Bugatti 16C Galibier (2012–)
The Bugatti 16 C Galibier concept is intended to be the most exclusive, elegant, and powerful four door automobile in the world.
"Art - Forme - Technique": were the brand values of Ettore Bugatti and his son Jean oriented themselves in developing ever more powerful engines and ever more noble body designs for each new model, which were without equal in quality, handling, speed and elegance. In the process, they experimented again and again without compromise with new materials; thus was Bugatti one of the first manufacturers to use aluminium parts for bodies, engine blocks and wheels.
These same brand values have been applied by the design and engineering team of Bugatti Automobiles S.A.S. in the development of the Galibier. With this new four-door concept car, Bugatti assumes anew a leading role in the use of new material combinations. Thus the body is constructed of handmade carbon fibre parts coloured dark blue so that, when illuminated, the woven structure shimmers through strikingly. Carbon fibre not only possesses unusually great rigidity but is also especially light. The wings and doors are out of polished aluminium.
The Galibier’s design masters the challenge of uniting sportiness with the comfort and elegance of a modern four-door saloon. The basic architecture picks up on the torpedo-like character of the Type 35, which was already revived in the Veyron, and reinterprets it. With the typical Bugatti radiator grille, big round LED headlights and the clamshell running the length of the vehicle which became synonymous with the brand identity under Jean Bugatti in the Type 57, this car transports the Bugatti genes into the modern world.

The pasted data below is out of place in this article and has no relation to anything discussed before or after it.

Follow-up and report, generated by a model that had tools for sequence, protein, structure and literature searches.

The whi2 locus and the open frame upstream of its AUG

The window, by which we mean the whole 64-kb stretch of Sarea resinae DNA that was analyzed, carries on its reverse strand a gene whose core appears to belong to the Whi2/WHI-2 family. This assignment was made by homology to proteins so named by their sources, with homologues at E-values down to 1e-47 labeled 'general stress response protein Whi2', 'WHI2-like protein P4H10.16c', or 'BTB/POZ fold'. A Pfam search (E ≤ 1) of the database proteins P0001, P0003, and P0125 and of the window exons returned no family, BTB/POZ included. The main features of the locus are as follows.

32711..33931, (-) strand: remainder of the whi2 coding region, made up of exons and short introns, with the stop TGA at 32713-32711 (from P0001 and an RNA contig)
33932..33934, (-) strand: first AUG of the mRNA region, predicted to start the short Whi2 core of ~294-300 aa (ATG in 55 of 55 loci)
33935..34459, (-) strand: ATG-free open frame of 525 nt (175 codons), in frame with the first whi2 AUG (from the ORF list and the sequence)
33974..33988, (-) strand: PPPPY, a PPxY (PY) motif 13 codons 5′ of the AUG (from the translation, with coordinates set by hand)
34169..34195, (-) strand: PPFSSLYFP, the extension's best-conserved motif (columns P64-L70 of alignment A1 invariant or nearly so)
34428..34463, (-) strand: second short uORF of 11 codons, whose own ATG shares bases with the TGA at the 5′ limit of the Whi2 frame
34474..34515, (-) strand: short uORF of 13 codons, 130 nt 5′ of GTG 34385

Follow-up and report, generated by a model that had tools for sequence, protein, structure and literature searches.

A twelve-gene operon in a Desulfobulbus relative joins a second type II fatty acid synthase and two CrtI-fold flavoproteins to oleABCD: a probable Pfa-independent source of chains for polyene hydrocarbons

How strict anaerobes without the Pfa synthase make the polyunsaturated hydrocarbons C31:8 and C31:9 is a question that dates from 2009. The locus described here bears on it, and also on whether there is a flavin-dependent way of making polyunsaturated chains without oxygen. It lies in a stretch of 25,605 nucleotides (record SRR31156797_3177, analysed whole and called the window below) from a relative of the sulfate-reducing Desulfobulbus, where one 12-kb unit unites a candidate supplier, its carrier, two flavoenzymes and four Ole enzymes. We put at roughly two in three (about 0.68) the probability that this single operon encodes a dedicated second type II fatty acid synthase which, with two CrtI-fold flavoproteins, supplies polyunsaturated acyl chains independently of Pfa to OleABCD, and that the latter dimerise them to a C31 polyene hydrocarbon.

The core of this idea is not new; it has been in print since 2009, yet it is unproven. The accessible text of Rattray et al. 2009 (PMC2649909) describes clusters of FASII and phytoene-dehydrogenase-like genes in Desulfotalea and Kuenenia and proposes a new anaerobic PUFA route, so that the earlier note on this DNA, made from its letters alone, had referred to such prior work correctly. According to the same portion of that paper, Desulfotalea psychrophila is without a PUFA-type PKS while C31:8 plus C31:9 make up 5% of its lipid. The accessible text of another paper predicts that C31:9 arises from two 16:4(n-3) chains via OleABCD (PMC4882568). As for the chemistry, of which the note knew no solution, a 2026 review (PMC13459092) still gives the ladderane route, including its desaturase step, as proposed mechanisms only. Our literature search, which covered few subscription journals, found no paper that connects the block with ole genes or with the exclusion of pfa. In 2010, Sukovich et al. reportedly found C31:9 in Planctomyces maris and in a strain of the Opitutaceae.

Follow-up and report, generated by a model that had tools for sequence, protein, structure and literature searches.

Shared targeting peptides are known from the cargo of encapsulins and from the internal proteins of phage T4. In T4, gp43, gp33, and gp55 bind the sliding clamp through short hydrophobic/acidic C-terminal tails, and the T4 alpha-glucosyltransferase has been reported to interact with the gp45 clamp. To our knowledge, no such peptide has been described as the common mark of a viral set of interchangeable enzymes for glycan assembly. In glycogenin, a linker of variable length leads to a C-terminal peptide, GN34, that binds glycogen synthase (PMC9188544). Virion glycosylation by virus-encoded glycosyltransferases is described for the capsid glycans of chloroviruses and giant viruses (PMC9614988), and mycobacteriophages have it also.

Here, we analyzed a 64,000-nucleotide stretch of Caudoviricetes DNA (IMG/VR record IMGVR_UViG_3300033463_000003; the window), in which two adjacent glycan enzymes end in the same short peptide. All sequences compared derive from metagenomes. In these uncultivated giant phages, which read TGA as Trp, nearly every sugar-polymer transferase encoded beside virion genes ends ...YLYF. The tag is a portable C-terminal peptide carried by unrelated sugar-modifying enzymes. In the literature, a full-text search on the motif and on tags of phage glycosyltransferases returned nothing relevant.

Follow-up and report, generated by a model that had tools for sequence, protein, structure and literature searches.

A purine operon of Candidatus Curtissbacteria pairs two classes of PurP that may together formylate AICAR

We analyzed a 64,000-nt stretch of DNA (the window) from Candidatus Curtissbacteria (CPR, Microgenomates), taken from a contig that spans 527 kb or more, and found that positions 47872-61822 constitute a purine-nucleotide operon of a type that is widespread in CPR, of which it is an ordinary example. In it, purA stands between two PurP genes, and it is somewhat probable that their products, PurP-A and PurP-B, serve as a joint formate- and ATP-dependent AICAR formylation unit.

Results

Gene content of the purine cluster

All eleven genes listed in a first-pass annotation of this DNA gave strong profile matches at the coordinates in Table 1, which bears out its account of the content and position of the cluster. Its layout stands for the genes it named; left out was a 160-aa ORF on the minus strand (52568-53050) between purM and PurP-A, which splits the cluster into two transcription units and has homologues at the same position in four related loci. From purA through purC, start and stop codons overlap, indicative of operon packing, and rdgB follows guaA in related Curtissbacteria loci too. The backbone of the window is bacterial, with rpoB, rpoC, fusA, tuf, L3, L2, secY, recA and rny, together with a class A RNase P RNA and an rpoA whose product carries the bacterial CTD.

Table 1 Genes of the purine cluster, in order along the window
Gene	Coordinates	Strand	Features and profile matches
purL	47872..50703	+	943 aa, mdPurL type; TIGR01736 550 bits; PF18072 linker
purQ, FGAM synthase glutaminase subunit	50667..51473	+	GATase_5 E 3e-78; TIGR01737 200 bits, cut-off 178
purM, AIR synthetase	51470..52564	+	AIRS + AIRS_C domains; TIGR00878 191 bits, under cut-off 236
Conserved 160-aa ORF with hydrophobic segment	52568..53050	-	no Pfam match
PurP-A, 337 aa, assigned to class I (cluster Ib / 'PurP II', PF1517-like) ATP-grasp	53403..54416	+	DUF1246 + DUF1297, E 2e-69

Beneath the bonnet, which folds back from both sides, there resides a 16-cylinder, 8-litre engine with twostage supercharging. What makes this engine special is that it was developed as a flex-fuel engine and can optional be run on ethanol. Four-wheel drive, specially developed ceramic brakes and a new suspension design enable the agile, always-sure handling of a saloon of this size.
The interior reflects the elemental design of the exterior. The dash panel has been reduced to the essential; two centrally located main instruments keep even the rear passengers constantly informed of the actual speed and previous performance. Parmigiani, the Swiss maker of fine watches, created the removable Reverso Tourbillon clock for the Galibier, which may be worn on the wrist thanks to a cleverly designed leather strap.
“Galibier” is not just the name of one of the most difficult alpine passes along the Tour de France but, in its time, was a version of the four door Type 57 unequalled in sportiness and elegance.